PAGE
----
United States District Court, S.D. Ohio, Western Division
MICHAEL D. HORTON, Petitioner,
UNITED STATES OF AMERICA, Respondent.
DECISION AND ENTRY OVERRULING PETITIONER'S MOTION
FOR MODIFICATION OF AN IMPOSED TERM OF IMPRISONMENT PURSUANT
TO 18 U.S.C. § 3582(C)(2) AND HOLLOWAY V. UNITED STATES
H. RICE, UNITED STATES DISTRICT JUDGE
matter is currently before the Court on Petitioner Michael D.
Horton's Motion for Modification of an Imposed Term of
Imprisonment Pursuant to 18 U.S.C. § 3582(c)(2) and
Holloway v. United States, Doc. #134. The Government
has filed a Memorandum in Opposition, Doc. #135, and
Petitioner has filed a Reply, Doc. #136.
December of 2005, Horton was sentenced to a mandatory minimum
of 240 months in prison after pleading guilty to Conspiracy
to Possess with Intent to Distribute and to Distribute
Heroin, Cocaine Base, and Xanax, which caused the death of
another, in violation of 21 U.S.C. § 841(a)(1) and
(b)(1)(C), all in violation of 21 U.S.C. § 846. Horton
maintains that, because the United States Sentencing
Commission has lowered the applicable sentencing range, his
sentence should be modified in accordance with 18 U.S.C.
§ 3582(c)(2). In the alternative, he argues that,
because his work records and discipline records at the prison
are exemplary, and because his rehabilitation efforts have
been extraordinary, the Court should resentence him to a
shorter term of imprisonment.
Court has no authority to modify a previously-imposed term of
imprisonment unless one of the exceptions set forth in 18
U.S.C. § 3582 applies. Horton relies on the exception
set forth in § 3582(c)(2):
(c) Modification of an imposed term of imprisonment.-The
court may not modify a term of imprisonment once it has been
imposed except that-
(2) in the case of a defendant who has been sentenced to a
term of imprisonment based on a sentencing range that has
subsequently been lowered by the Sentencing Commission
pursuant to 28 U.S.C. 994(o), upon motion of the defendant
or the Director of the Bureau of Prisons, or on its own
motion, the court may reduce the term of imprisonment,
after considering the factors set forth in section 3553(a)
to the extent that they are applicable, if such a reduction
is consistent with applicable policy statements issued by
the Sentencing Commission.
18 U.S.C. § 3582(c)(2).
points to Amendment 782 to the United States Sentencing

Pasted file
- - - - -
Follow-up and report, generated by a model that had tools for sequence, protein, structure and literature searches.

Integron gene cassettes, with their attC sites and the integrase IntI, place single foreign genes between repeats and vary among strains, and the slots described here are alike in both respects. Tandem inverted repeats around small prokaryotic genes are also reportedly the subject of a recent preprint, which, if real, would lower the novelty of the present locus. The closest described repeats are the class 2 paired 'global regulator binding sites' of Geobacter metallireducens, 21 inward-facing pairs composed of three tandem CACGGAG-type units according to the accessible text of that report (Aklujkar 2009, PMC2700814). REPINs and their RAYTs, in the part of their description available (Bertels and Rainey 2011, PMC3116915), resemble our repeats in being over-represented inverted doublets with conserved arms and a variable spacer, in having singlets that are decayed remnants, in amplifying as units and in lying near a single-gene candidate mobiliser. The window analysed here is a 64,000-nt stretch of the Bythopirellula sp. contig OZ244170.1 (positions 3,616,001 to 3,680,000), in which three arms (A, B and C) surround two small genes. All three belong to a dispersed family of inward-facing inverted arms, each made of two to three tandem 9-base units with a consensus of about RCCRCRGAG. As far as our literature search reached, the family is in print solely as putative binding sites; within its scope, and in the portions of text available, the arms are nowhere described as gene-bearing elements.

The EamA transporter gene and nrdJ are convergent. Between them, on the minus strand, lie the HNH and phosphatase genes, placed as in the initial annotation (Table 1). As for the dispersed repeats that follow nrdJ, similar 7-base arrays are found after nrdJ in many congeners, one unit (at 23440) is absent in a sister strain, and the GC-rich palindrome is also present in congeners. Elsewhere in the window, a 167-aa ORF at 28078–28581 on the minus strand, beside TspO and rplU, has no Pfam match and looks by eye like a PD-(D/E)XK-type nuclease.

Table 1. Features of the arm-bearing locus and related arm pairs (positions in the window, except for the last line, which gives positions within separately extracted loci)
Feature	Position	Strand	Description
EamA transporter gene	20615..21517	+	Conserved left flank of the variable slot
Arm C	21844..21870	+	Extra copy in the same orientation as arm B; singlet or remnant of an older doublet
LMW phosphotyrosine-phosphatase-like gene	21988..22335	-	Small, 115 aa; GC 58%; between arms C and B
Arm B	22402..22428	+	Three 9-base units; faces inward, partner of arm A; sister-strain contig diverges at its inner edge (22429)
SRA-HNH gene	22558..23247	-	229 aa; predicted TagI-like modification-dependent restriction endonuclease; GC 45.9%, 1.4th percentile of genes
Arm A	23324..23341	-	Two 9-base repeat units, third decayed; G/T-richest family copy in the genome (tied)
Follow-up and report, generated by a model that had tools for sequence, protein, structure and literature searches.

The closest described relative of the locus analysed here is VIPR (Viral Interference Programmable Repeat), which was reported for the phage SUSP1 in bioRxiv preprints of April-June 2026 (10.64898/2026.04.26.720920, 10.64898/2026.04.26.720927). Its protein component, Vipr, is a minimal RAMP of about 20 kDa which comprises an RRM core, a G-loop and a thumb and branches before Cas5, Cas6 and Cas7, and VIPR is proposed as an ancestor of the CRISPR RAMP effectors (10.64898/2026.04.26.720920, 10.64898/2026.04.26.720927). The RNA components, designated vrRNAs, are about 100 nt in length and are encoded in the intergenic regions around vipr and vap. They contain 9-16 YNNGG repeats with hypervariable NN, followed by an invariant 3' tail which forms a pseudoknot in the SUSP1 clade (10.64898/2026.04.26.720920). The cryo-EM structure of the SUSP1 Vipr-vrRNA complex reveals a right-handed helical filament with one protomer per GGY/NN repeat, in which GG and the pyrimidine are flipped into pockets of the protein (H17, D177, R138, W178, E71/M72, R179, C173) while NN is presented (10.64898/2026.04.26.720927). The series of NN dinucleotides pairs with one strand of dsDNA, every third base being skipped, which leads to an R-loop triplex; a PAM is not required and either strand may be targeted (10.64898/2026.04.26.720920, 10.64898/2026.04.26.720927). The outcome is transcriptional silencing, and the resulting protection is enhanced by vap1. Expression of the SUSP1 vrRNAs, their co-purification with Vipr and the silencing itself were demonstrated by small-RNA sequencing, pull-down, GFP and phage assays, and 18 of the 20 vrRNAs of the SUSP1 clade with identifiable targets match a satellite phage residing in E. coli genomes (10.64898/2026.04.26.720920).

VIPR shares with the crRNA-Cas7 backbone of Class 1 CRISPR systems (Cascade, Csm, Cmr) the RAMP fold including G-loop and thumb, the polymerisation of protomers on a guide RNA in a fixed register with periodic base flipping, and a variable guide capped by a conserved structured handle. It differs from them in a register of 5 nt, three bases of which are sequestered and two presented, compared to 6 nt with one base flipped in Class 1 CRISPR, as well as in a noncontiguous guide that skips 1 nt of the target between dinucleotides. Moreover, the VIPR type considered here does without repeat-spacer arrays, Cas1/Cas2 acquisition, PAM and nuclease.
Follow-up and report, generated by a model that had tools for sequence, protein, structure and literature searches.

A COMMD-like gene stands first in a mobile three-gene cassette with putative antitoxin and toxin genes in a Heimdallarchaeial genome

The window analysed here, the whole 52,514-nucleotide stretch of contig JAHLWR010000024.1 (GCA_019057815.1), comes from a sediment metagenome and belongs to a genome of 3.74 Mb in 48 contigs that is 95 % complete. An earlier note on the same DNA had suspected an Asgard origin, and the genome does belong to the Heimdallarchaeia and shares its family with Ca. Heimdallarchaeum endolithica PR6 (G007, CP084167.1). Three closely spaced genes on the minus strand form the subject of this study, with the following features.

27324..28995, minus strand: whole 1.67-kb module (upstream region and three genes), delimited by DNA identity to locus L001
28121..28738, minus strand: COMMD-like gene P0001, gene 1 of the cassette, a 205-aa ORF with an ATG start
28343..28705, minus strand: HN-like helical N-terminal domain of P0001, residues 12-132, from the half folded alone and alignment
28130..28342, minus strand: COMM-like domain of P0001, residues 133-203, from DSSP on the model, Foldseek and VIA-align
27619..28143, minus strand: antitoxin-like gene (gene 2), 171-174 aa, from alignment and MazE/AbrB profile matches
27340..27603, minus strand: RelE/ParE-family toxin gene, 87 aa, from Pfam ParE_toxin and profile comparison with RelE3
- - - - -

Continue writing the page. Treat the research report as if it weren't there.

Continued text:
Guidelines ("U.S.S.G."), which reduced by two
levels the offense levels assigned to the quantities that
trigger the statutory mandatory minimum penalties in U.S.S.G.
§ 2D1.1, and made parallel changes to U.S.S.G. §
2D1.11. This Amendment is to be applied retroactively. Horton
maintains that Amendment 782 should be applied to reduce his
net offense level by two points.
Government argues, however, that Horton's base offense
level was determined not by the drug quantity tables in
U.S.S.G. § 2D1.1, but by U.S.S.G. § 2D1.1(a)(2),
which provides that if death results from the use of the
controlled substance sold by the defendant, the base offense
level is 38. Amendment 782 did not affect § 2D1.1(a)(2).
See, e.g., United States v. Davila, 651 Fed.Appx.
112, 114 (3d Cir. 2016) (refusing to apply Amendment 782
where defendant's base offense level was determined by
§ 2D1.1(a)(2)). Accordingly, Horton's advisory
sentencing guideline range remains at 360 months to life.
Horton was sentenced to the mandatory minimum sentence of 240
months. Given that Horton's sentencing range was not
lowered by the Sentencing Commission, the Court lacks
authority under § 3582(c)(2) to modify his sentence.
Reply brief, Horton tries to overcome this obstacle by
arguing, for the first time, that the Court erred in its
application of § 2D1.1(a)(2). He maintains that the
Court should have applied § 2D1.1 instead, which would
then permit the Court to modify his sentence in accordance
with Amendment 782.
motion to modify a sentence under §3582(c)(2) is not an
appropriate vehicle for challenging the Court's
application of the Sentencing Guidelines. But even if the
Court were to consider this argument, it lacks merit.
points out that he pled guilty to only the conspiracy count;
the distribution count was dismissed. According to Horton,
because a conspiracy ends when the unlawful act is completed,
his act of selling heroin, which resulted in the death of
another, cannot be considered in determining the applicable
guideline range on the conspiracy charge.
support, Horton cites to United States v. Rebmann,
321 F.3d 540 (6th Cir. 2003). In Rebmann, the
defendant pled guilty to distribution of a small amount of
heroin, in violation of 21 U.S.C. § 841(a) and
(b)(1)(C). At the initial sentencing hearing, the Government
argued that, because defendant's ex-husband died as a
result of this distribution, § 2D1.1(a)(2) should be
applied. The district court found, by a preponderance of the
evidence, that the death had resulted from the distribution,
and sentenced the defendant to 292 months in prison.
appeal, the Sixth Circuit held that the "if death
results" provision of § 841(b)(1)(C) was an element
of the crime that must be proven beyond a reasonable doubt.
See Apprendi v. New Jersey,530 U.S. 466 (2000). It
vacated the sentence and remanded the matter so that the
district court could determine whether the Government had
proven, beyond a reasonable doubt, ...